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Last Updated: Thursday, 17 March, 2005, 04:27 GMT
Bush backs US hawk for World Bank
Paul Wolfowitz
Paul Wolfowitz was a firm believer in the Iraq war
President George W Bush has nominated US Deputy Defence Secretary Paul Wolfowitz as the next head of the World Bank, a key development agency.

Mr Wolfowitz, 61, has earned a reputation as a "neo-conservative" hawk during his time at the Pentagon, and was a strong advocate of the Iraq war.

Mr Wolfowitz, described by Mr Bush as a "compassionate, decent man", said he relished the agency's "noble mission".

Reaction was divided, with praise and strident criticism of the nomination.

Opposing views

A British-based campaign group, the World Development Movement, described the nomination as a "truly terrifying appointment".

Joseph Stiglitz, Nobel Prize winner and a former chief economist at the World Bank, also criticised Mr Wolfowitz's nomination. "Choosing the right general in the war against poverty will not assure victory, but choosing the wrong one surely increases the chances of failure," he said.

1989-93: Under-secretary for defence policy
1986-89: US ambassador to Indonesia
1983-86: Assistant secretary for East Asian and Pacific affairs
1981-82: Head of state department policy planning staff
2001 onwards: Deputy defence secretary

But World Bank critic Allan Meltzer, who chaired a US congressional committee on the bank in 2000, praised the nomination.

He pointed to Mr Wolfowitz's posting as US ambassador to Indonesia and experience of managing large organisations as qualifications.

"We don't need a development person, there are plenty of people at the bank who do that," Mr Meltzer told the BBC News website.

"What the bank needs is focus: how many children are inoculated against measles every year? What have we done to bring water to the villages?

"Those are not development questions, those are administrative questions," he said.

No backing for predecessor

Current World Bank president James Wolfensohn had made it clear that he had wanted to continue but failed to get White House backing.

He was appointed by former President Bill Clinton, and will leave on 1 June after 10 years in charge.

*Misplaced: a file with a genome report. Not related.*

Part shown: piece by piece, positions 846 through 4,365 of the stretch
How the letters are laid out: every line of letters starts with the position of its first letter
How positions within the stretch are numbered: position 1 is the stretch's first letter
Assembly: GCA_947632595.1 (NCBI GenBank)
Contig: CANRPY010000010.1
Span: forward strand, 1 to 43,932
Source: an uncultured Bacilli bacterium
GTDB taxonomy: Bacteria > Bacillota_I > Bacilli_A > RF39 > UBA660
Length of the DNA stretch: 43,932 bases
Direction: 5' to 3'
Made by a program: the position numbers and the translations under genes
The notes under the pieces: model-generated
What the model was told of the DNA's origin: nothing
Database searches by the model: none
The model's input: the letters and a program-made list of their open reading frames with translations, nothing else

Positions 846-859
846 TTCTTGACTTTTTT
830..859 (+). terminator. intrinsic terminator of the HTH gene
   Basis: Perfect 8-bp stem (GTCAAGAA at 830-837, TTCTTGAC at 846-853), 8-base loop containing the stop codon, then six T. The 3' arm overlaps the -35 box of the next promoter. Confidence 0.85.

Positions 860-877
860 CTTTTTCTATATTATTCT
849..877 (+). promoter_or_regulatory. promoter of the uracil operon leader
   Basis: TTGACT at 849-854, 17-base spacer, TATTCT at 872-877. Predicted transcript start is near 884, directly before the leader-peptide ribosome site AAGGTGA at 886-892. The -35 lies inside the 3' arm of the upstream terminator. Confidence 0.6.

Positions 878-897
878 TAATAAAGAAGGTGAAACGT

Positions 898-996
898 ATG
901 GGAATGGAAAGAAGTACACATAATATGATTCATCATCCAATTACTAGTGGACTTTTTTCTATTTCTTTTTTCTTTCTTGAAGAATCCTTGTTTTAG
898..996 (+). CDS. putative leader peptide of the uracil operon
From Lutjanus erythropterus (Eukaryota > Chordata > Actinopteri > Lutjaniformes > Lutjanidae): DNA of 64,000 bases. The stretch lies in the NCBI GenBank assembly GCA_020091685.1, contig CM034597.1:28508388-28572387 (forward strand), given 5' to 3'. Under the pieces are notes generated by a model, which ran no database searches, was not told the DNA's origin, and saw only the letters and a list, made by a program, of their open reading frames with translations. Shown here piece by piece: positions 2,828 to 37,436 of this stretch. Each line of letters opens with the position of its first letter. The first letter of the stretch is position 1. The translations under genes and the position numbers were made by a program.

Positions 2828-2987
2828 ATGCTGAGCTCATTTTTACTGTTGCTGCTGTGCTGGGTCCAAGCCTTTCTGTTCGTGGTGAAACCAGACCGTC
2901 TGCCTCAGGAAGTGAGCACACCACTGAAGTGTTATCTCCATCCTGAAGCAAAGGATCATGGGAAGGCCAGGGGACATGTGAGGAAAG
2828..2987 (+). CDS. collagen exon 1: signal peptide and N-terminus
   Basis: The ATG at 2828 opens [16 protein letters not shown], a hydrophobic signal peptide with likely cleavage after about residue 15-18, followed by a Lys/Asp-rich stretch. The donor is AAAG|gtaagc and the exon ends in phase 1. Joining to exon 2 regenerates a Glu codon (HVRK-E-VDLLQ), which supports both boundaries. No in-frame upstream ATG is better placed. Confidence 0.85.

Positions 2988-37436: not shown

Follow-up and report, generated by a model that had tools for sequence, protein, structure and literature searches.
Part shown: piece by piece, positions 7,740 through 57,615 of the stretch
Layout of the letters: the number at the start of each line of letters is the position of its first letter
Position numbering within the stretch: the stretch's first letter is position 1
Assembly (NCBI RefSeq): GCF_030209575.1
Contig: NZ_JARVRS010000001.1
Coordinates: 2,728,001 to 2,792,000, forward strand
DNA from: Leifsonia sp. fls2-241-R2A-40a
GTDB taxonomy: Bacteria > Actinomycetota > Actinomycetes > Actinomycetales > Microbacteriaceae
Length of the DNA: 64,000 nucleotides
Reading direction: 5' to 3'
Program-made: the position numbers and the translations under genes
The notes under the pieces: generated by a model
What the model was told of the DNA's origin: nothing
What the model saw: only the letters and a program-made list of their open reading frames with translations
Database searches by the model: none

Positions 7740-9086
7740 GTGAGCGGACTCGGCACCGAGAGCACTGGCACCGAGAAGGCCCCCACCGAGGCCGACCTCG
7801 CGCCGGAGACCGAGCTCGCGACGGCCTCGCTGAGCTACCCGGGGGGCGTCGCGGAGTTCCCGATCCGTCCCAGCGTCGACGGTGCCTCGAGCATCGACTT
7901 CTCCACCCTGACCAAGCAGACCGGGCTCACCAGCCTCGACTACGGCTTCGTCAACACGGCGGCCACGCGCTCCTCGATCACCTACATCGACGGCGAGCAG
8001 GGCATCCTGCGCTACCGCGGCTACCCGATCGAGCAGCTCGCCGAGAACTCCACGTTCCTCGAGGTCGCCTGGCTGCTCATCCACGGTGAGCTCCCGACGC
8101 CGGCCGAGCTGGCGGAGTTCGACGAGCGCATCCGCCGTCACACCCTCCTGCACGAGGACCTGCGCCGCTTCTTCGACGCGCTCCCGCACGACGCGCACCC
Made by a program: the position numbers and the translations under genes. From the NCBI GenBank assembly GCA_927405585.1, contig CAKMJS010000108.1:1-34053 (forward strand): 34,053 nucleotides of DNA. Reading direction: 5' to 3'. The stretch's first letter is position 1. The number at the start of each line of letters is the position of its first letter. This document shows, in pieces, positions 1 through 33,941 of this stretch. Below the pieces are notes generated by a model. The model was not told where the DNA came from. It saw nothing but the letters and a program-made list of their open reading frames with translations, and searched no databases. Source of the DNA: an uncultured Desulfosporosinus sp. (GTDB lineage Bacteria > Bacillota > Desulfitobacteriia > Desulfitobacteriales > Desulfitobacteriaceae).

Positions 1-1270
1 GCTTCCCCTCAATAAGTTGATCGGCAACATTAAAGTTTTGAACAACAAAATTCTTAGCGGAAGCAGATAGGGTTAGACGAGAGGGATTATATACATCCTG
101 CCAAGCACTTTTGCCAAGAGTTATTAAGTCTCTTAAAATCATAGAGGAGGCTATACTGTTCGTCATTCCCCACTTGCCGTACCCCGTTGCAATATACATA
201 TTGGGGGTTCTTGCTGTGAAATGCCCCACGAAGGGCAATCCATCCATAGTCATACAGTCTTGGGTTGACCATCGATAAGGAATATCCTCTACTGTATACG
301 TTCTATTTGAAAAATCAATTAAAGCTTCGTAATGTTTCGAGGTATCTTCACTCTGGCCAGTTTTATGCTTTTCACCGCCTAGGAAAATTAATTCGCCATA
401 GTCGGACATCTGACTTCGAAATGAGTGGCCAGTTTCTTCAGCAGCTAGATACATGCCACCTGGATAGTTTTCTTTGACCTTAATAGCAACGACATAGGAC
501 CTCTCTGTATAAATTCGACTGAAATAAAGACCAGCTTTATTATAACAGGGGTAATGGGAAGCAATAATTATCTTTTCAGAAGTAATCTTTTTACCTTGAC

Mr Wolfowitz and the so-called "neo-conservatives" are senior figures in and around the Bush administration who believe that America needs to be very active in pressing the case for its values around the world, the BBC's Justin Webb reports from Washington.

The "Wolf" has been shown the path to the henhouse. It's hard to imagine peaceful development under his leadership.

Kelly, Washington, US

His nomination has been welcomed by International Monetary Fund head Rodrigo de Rato and UK Foreign Secretary Jack Straw.

Both men praised Mr Wolfowitz's experience and said they were looking forward to working with him.

Mr Straw said the US president's choice was "very distinguished and experienced internationally".

But French Foreign Minister Michel Barnier was more reserved, calling the nomination "a proposal" that France would examine carefully.

It is the second time within weeks that Mr Bush has appointed a hardliner to a key international post.

Earlier in March, he nominated Under-Secretary of State John Bolton to be US ambassador to the United Nations - a body Mr Bolton has repeatedly derided.

The World Bank numbers 184 states among its members, and is responsible for leading global efforts to promote economic development and reduce poverty.

Mr Wolfowitz must be formally approved by the World Bank's executive board. In a statement, the bank said its directors were responsible for making the selection and were consulting with member countries. US appointments to the World Bank presidency are usually unchallenged, as are European nominations to lead the International Monetary Fund.

But there remains the possibility of a veto similar to that used by the US to stop Europe's choice for IMF chief, Caio Koch-Weser, from getting the job in 2000.

Hear President Bush's endorsement of Mr Wolfowitz

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